- If you just want to catch a glimpse of Berlin, you can climb up to the Siegessäule in the Tiergarten (3,50 euros). It is one of the most popular vantage points if you want to discover Berlin from above.
- At Postdamer Platz, you can get a great view of the city from the “Panoramapunkt” observation deck (from 11,50 euros; buy a ticket here*).
- An exciting alternative and another insider tip is the tethered balloon “Weltballon” (from 30 euros; buy a ticket here*) near Potsdamer Platz, which takes you to a height of 150 meters.
- You also have a beautiful view over Berlin from the dome of the Berlin Cathedral (7,00 euros).
- Without any entrance fee, you can enjoy the view over Berlin from the 120-meter-high Teufelsberg (Google Maps).
- An alternative on weekends (Friday and Saturday evenings) is the chic Solar Bar (Website) at Stresemannstraße 76, where you also have a fascinating view over Berlin.
The 10 most beautiful lakes in Berlin
We also show you an overview of Berlins most beautiful lakes you really have to see and need to enjoy.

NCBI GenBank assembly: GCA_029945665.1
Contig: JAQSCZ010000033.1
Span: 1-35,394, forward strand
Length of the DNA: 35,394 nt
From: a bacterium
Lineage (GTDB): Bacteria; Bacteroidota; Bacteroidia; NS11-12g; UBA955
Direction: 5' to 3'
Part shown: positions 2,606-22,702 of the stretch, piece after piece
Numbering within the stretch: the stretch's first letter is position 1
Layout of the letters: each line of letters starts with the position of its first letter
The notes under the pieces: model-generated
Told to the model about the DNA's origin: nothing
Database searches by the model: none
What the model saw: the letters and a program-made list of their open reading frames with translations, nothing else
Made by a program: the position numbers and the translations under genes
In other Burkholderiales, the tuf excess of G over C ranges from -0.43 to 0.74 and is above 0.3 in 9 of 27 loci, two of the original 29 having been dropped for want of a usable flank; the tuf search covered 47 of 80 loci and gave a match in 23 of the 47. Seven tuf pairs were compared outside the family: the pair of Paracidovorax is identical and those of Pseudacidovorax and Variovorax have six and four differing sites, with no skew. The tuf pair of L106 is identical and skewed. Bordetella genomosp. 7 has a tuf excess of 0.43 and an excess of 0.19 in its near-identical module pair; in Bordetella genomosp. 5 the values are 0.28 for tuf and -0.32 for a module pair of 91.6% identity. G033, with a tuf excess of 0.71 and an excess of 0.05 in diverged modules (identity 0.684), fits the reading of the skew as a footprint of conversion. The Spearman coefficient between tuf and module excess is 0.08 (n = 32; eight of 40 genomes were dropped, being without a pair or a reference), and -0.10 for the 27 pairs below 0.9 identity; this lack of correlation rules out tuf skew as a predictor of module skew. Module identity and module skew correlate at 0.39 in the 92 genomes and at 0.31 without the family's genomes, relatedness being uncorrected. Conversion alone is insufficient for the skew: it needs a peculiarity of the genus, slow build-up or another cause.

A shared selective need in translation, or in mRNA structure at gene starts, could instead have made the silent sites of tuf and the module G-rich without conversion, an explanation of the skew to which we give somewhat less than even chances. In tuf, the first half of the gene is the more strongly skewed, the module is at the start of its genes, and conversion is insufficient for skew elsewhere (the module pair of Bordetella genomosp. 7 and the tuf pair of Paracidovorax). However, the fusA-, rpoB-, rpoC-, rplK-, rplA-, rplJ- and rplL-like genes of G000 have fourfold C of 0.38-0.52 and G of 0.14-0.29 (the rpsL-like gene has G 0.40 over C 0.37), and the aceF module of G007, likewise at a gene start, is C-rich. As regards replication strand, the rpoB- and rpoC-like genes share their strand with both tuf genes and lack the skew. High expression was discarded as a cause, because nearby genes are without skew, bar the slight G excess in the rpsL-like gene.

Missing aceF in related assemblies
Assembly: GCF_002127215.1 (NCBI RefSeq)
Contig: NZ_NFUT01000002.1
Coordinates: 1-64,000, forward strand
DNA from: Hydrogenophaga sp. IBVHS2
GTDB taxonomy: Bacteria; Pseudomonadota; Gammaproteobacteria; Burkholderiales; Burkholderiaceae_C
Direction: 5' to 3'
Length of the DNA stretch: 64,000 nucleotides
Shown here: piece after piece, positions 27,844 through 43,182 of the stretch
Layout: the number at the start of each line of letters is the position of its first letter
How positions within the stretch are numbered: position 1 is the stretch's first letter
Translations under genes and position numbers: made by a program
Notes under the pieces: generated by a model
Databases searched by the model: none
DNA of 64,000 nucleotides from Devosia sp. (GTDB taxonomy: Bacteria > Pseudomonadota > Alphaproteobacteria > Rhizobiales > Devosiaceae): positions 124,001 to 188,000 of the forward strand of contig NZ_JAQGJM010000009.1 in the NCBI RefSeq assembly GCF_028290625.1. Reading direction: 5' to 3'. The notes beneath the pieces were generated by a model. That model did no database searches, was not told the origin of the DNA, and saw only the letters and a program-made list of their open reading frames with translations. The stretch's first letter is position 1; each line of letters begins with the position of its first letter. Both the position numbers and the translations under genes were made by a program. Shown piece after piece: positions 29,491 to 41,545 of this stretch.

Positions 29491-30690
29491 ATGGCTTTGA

- Großer Müggelsee (Treptow-Köpenick)
If you are in the city for a longer time, you should plan a trip to the Großer Müggelsee in the district of Treptow-Köpenick, at least in summer. On the eastern shore of Berlin’s largest lake, the Müggelsee lido awaits bathers. There is also a nudist area further north.
You can also find a nice swimming area at the neighboring Kleiner Müggelsee.
Or how about exploring this great Berlin sight by boat? There are several boat rentals at Müggelsee and in the surrounding waters. Motorboats up to 15 hp can be rented by anyone, for stronger boats the sport boat license “Binnen” is required.
- Wannsee (lake in Steglitz-Zehlendorf)
- Scharmützelsee (lake in Brandenburg)
- Weissensee (lake in Pankow)
- Liepnitzsee (lake in Brandenburg)
- Lake Tegel (lake in Reinickendorf)
- Lake Stienitz
- Holy lake
- Straussee and Bötzsee
Art and culture in Berlin
If you still haven’t had enough after all these sights and you’re wondering what else there is to do in Berlin, then we’ll show you some more great things to do in the area of art and culture.